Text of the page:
I wanted to share and ask you about some of the 'art' that I saw.  I did ask which bits I could photograph, I don't like getting told off especially in public places!
Photographing paintings in a hurry is a bit rubbish, but you get the idea.  This is my favourite painting ever.  'The Blind Girl' by John Everett Millais (1856).  I think everything about this painting is beautiful.  (Sorry the photograph does not do the painting justice at all). 
Looking at paintings by Lowry, remind me of this song released in 1977 in his memory.  The song got to number 1, in the UK and I remember singing along to it as a child.  (A small child, I would hasten to add)!
I like paintings that tell stories.  I can cope with some 'Modern Art'.  I like photography, patterns, colour, texture and geometric art.  I just don't understand this:
or this;
or this one.
I do not know the name of the artists for these pieces and I am worried I could cause offence with my ignorance, but come on now?  What makes these masterpieces?  Then you question the very basics, what is art?  I think it would be quite funny to have a little hidden camera behind these pieces to capture people's puzzled expressions and to hear their opinions.  I know my face must be a picture when I am standing in front of these trying to work them out.  On the optimistic side, I am pretty sure I could churn out 'art' like this myself!  Just a few splodges and squiggles... Bob's your uncle.  The first time I took my youngest son to the gallery he stood in front of these and loudly exclaimed 'These are rubbish'! The makings of an art critic.  The stupid thing is...since Saturday, I have been thinking about and pondering about these pieces and I think in spite of myself they may be growing on me.  I am glad I photographed these to look at in the comfort of my own home.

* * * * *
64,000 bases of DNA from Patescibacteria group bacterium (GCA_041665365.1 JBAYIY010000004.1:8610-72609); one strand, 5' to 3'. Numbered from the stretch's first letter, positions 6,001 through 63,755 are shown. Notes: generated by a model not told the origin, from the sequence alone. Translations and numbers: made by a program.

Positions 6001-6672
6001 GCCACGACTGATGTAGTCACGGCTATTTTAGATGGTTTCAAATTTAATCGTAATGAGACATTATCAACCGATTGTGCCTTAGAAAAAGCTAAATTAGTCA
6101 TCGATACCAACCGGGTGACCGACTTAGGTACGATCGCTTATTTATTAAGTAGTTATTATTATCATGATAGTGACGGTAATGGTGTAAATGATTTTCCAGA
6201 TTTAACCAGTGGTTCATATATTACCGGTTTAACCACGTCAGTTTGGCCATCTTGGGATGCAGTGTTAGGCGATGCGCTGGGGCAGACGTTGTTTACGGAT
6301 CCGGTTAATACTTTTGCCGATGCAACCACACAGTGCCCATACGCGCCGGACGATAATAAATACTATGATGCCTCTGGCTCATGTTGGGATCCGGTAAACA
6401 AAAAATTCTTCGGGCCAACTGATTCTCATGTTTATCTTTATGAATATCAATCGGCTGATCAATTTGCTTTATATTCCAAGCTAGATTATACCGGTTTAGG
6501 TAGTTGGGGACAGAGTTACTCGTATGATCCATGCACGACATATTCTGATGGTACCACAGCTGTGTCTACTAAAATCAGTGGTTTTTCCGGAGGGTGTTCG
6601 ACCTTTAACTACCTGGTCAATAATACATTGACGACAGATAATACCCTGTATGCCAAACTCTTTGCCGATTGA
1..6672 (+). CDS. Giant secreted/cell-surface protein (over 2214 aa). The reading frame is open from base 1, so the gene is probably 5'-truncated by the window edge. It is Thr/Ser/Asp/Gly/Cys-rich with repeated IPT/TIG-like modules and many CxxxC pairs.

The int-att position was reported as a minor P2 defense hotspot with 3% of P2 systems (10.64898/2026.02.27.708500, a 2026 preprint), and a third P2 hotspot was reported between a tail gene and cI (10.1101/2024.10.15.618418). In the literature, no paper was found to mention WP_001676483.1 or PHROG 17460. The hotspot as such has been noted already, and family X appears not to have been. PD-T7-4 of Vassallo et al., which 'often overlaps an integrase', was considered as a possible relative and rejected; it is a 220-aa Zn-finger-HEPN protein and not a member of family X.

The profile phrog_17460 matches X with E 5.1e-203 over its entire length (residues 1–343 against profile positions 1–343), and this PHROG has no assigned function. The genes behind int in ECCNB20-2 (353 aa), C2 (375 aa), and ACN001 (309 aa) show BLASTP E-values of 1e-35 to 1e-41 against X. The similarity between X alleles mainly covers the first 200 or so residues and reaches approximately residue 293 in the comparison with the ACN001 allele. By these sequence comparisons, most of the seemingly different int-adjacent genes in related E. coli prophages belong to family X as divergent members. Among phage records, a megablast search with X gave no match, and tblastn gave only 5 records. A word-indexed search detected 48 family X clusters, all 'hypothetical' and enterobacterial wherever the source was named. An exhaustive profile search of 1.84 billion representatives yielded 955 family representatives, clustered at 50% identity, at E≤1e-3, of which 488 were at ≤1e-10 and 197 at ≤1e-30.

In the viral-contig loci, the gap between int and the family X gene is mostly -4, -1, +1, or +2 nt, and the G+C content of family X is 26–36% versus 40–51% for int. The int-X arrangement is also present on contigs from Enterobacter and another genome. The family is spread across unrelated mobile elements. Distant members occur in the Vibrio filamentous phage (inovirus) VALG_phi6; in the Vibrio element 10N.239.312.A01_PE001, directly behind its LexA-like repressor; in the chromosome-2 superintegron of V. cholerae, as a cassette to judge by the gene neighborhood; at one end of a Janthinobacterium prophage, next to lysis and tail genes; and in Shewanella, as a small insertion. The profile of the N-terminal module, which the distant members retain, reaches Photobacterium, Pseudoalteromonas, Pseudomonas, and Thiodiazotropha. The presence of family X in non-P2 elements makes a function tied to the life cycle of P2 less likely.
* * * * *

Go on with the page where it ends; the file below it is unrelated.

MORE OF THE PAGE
Two of the temporary exhibitions you could not photograph.  'True to Life?'  New Photography from the Middle East, was fascinating and very moving, the portrayal of modern Middle Eastern women particularly struck a chord with me.
Hassan Hajjjaj, Saida in Green 2000
"The joyful. fashion conscious Moroccan woman in this image strikes a pose like models in magazines such as Elle or Vogue.  Hajjaj presents her wearing traditional dress but in versions that are emblazoned with symbols of western culture.
More broadly his images in their sculptural frames are a fusion of Arabic and Western worlds that challenge our perceptions of Morocco and the women who live there."

  Then the exhibition 'Symmetry in Sculpture' by Zarah Hussain is amazing. 
Search on Google images for 'Zarah Hussain' and you will get a kaleidoscopic feast for the eyes.  I would really like to play with yarn and crochet to explore Zarah Hussain's work.  I am adding 'Geometric Crochet' to my list of things to do.  A Zarah Hussain inspired Bedspread or wall hanging would be awesome.  I maybe 112 years old,  before I completed it though.
Thank you as always for reading.  Well done if you made it to the end of the post.  Life resumes as normal again round these parts for a while. The delusions of grandeur bubble has burst, it was a lovely bit of escapism though.  I will be back to writing about 'normal' stuff like 'crochet fungi' soon.  xxx

Sunday, 19 October 2014

La de dah...I'm a Lady...

The city of Birmingham has to be one of my favourite places.  Somebody has to love it.  This is Chamberlain Square.  The Building to the left is the Birmingham Museum and Gallery.  That is where we headed yesterday bright and early.  The museum received a multi million pound National Lottery grant to finance a new permanent gallery to house The Staffordshire Hoard.  The Staffordshire Hoard is the largest hoard of Anglo Saxon Treasure ever to be found.  It was practically stumbled upon by an amateur with a metal detector in a farmers field.  Lucky find.  It really is a story worth googling and googling it can do it more justice than I can.  You are not allowed to photograph some of the exhibits or exhibitions in the gallery, so I have no pictures of the hoard.  Awesome does not really come close to describing it.  I have seen the hoard several times and I hope to see it many more times.